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  • Innovation funding for Nova Scotia's universities supports clean technology, entrepreneurship

Innovation funding for Nova Scotia's universities supports clean technology, entrepreneurship

Wednesday, April 10, 2013

Home to 10 universities and 13 community colleges, Nova Scotia is considered the university capital of Canada and continues to thrive with a highly skilled workforce that receives education and training in the fastest growing fields. The province is already known as a leader in Canadian education, but now, it is taking steps to ensure it maintains that prestigious position.

In an example of the province's commitment to its higher education programs, Nova Scotia recently announced support for clean technology and information technology projects, valued at more than $4 million, through the Innovation Fund. 

"The Innovation Fund, essentially, has two goals: helping universities find innovative ways to maintain excellence in learning and reducing costs," said Transportation and Infrastructure Renewal Minister Maurice Smith. "The projects being announced today do both."

Clean technology programs at NS campuses

Nova Scotia is working steadily toward its sustainability goals, which include dramatically shrinking its carbon footprint and electricity consumption. Those aims are now being implemented at universities as well.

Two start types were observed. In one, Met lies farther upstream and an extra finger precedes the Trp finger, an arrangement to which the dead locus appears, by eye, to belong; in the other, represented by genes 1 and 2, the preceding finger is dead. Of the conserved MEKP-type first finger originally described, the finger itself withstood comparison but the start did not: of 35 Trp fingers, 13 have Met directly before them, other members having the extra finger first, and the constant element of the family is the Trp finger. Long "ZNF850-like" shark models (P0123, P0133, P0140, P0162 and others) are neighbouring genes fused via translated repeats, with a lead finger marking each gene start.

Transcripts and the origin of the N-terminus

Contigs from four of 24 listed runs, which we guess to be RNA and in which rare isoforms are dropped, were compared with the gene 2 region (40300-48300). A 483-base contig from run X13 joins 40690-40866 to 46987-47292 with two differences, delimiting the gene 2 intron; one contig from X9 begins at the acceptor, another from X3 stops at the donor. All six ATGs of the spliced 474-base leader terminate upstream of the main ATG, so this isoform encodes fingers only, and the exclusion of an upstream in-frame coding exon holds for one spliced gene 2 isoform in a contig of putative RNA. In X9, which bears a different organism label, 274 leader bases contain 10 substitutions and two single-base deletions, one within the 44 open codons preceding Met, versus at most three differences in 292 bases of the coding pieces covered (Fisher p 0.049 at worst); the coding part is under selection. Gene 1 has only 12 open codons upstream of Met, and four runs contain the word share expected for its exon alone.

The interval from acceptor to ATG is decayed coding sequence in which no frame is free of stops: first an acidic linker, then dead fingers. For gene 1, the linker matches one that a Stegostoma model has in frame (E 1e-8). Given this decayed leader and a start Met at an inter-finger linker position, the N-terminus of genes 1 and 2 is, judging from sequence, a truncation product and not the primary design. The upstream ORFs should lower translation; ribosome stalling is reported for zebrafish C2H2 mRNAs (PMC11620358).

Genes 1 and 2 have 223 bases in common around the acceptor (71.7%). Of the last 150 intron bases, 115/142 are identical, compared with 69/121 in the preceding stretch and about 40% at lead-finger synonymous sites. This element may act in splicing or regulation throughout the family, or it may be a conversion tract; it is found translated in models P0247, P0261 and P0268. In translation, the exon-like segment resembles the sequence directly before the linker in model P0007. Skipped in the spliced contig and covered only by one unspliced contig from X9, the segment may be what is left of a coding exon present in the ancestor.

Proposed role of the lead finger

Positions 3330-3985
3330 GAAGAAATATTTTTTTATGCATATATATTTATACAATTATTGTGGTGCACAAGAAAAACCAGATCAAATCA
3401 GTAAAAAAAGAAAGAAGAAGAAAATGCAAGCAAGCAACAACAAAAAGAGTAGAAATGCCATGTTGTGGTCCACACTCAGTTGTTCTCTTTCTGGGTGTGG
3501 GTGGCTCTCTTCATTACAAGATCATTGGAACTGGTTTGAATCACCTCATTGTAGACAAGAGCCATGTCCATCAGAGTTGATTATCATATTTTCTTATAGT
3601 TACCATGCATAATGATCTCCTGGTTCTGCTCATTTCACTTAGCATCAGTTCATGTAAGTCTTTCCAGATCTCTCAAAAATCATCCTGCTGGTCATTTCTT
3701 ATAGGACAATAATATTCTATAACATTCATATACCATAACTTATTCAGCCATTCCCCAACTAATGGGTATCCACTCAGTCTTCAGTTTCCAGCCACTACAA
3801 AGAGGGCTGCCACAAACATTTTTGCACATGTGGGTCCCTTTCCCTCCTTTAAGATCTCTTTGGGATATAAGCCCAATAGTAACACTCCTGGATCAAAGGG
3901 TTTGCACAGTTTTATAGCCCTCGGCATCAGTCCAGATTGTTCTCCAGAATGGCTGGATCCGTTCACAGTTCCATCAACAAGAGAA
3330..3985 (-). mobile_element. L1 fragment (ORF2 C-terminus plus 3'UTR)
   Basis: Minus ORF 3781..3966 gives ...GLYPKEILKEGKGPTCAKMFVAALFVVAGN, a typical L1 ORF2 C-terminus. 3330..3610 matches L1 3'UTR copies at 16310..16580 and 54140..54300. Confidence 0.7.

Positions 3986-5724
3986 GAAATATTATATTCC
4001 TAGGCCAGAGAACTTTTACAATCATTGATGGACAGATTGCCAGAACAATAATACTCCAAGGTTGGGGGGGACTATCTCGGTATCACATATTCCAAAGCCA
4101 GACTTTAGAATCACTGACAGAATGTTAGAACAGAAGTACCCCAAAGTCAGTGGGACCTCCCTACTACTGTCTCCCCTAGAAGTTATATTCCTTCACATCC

St. Francis Xavier University was one of the schools that received funding through the recent round of support. Cape Breton University and Acadia University also received awards. St. FX will leverage the financial assistance for a clean technology project that will help the school save around $400,000 per year on its energy costs. 

"The St. FX sustainability committee has made great strides in achieving energy reductions in numerous buildings, and this project will enable further success and campus engagement," said Rachel Mitchell, student union vice president and former environmental officer with the committee.

Acadia University also received an estimated $3.4 million for two programs that will help its program become greener through energy efficiency improvements and cost reductions. Specifically, the school is implementing natural gas to curb its reliance on oil, which creates more pollution. 

Matthew Rios, president of the Acadia Student Union, said that students are excited about this work, which can help to make the school financially stable as well as environmentally sustainable in the long-term future. 

Information technology project to create student solutions

Cape Breton University also received support from the Innovation Fund project to test administrative programs that can potentially be applicable to other schools around the province. An advanced systems applications and products (SAP) technology will be tested to determine whether other universities could benefit from the administration systems management platform and a student information system template that will be developed. 

Innovations such as these are keeping Nova Scotia on the leading edge. Its students are seeing firsthand how developments in renewable resources and technology can help organizations compete in today's fast-paced environment.